The entire city, which symbolizes a new future for Brazil, was an experiment built according to a plan. Brasília was a result of political will and spontaneous enthusiasm. It was not believed that a country with such a poor organization and efficiency, unable to provide adequate urban houses and services would create a new capital in an isolated wilderness (Evenson 1973: 101-102). A radical change came with the new president Juscelino Kubitschek de Oliviera, who had as his slogan: “Fifty years of Progress in Five Years” (Evenson 1973: 113).
In fact, he wanted to turn Brazil into an industrial, first world nation in those five years. He also introduced the automobile industry in Brazil, which became one of the Brazils biggest and most strategically successful, serving not only an export market for Brazilian cars, but also defining the look of new urbanization (Williams 2009: 105-106). Kubitschek organized a national campaign to enlist people for the construction of Brasilia. It sought volunteers for three purposes: to build the capital, to supply the material, and to plan and administer the project. All of these people the so-called pioneers were recruited and lived at the construction site of the future capital.
The recruitment campaign focused on popularizing the construction of Brasilia as the means to forge a new national identity. He made appeals through a media, which presented all aspects of the construction and inauguration of Brasilia as a pageant of Brazilian progress (Holston 1989: 206, 208).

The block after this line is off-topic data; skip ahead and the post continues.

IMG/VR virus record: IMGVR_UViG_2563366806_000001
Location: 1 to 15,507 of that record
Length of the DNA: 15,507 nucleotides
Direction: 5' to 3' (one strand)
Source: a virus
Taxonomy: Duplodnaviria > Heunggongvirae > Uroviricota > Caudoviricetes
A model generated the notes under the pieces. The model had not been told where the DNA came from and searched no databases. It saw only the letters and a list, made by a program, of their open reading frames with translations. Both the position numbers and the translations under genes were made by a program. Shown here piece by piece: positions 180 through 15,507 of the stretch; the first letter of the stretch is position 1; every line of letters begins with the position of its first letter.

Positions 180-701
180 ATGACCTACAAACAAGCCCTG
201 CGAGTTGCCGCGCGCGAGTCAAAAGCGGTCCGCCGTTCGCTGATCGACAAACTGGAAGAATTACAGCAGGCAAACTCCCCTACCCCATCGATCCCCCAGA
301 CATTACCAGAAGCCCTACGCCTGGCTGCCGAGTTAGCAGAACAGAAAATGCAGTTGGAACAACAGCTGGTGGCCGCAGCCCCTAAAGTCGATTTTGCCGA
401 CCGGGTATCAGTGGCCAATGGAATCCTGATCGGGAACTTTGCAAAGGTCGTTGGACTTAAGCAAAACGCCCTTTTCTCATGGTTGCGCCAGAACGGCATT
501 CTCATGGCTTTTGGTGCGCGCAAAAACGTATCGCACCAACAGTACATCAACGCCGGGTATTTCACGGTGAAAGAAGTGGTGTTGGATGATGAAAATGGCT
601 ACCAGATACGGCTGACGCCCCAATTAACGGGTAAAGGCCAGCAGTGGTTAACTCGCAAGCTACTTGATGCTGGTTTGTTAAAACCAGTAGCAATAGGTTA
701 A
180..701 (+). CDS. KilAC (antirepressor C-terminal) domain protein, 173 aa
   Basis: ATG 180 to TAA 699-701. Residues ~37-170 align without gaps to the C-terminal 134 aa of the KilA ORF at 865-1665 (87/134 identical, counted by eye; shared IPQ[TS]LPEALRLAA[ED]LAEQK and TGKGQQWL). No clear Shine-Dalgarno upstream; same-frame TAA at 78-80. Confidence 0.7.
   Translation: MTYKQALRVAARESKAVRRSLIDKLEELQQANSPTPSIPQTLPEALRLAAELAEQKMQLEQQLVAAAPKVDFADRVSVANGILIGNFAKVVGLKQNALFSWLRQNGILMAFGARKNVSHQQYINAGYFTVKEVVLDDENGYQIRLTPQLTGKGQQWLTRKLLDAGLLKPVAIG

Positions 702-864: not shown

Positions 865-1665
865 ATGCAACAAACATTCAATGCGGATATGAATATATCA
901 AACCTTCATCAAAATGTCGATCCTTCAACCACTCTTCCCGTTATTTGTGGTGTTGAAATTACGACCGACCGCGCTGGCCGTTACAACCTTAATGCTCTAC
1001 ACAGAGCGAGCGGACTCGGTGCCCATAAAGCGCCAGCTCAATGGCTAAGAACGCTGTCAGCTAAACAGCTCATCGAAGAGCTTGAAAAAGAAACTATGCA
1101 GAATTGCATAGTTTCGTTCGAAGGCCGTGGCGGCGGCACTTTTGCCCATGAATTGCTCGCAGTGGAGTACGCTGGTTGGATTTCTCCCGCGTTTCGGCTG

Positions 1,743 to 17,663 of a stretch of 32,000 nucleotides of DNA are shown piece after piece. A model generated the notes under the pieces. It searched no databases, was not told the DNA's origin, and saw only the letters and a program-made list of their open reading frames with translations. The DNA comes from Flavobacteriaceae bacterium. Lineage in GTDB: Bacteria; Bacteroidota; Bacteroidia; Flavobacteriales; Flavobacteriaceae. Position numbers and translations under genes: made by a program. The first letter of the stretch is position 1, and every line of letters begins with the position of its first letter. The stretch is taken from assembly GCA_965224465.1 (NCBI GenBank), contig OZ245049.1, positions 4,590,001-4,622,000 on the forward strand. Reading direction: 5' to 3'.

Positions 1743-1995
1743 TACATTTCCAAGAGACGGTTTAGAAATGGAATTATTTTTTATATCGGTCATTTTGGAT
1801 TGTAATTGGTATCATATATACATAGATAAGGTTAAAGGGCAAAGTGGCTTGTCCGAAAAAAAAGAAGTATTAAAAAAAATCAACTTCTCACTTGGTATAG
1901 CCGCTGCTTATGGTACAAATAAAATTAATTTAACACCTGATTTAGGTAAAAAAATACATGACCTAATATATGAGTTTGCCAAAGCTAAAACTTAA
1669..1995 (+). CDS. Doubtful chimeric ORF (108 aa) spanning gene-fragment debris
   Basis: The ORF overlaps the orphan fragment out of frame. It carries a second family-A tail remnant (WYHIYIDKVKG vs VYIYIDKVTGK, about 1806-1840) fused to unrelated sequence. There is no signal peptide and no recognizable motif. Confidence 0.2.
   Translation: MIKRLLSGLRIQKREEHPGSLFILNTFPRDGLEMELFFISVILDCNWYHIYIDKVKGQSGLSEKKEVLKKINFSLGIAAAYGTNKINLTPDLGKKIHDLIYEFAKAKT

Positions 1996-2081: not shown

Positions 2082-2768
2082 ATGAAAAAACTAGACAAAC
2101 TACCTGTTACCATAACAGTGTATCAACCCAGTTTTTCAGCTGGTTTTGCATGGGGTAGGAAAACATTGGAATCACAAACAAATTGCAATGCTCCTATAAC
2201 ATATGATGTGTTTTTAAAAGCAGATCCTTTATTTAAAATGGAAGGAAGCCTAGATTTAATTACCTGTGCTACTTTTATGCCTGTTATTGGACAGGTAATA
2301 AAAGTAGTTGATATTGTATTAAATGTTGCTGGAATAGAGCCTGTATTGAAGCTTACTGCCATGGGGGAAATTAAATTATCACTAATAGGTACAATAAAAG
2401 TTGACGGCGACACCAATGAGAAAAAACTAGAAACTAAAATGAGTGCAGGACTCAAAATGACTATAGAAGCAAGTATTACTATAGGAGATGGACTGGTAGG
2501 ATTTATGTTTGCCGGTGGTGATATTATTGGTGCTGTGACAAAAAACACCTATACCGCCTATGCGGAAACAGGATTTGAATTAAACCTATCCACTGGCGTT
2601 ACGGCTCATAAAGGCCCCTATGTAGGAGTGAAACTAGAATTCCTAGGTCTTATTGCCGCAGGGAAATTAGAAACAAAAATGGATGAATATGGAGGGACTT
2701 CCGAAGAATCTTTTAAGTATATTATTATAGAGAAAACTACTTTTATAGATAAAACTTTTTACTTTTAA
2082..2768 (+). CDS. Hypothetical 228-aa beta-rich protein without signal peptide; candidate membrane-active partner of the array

Furthermore, Brasília provided the first opportunity for an application of the principles of the Modern Movement, which had been known more for visionary projects than realized urban plans. The designers of Brasília had a unique possibility to make their urban ideals a reality; in other words Brasilia remains the greatest single opportunity have been given to an architect in our time (Evenson 1973: 118).
A design competition was held in September 1956, by which time Kubitschek had already decided that his friend Oscar Niemeyer, Brazils leading modernist, would design the major public buildings. The winner was Lïcio Costa, who described his new planned city as the capital of the autostrada and the park, combining the bucolic imagery of the English new towns with that of the automotive industry (Williams 2009: 105).
Brasília was also planned as the focal point of a new system of interior highways, linking the north and south Brazil providing, for the first time, a ground transportation system uniting the country from within (Evenson 1973: 102). Costa and Niemeyer viewed the stateï¿½s project to build a new capital as an opportunity to construct a city that would transform or at least strongly push the transformation, of Brazilian society-a project of social transformation without social upheaval (Holston 1989: 78).
The architecture of Braslia has innovative elements representing modernization and mobility. Lucio Costas Pilot Plan for Brasília is a perfect, genuine model of the modern movement in architecture in which he incorporated historical elements, baroque perspectives, and monumental land levelings that bow to antiquity and pre-Columbian America. It made reference to both the gregariousness of Brazilian colonial times and to international urban ideas-the ceremonial acropolis, the linear city, the garden city and the urbanism of commercial areas ( Kohlsdorf, Kohlsdorf and Holanda: 2009: 47).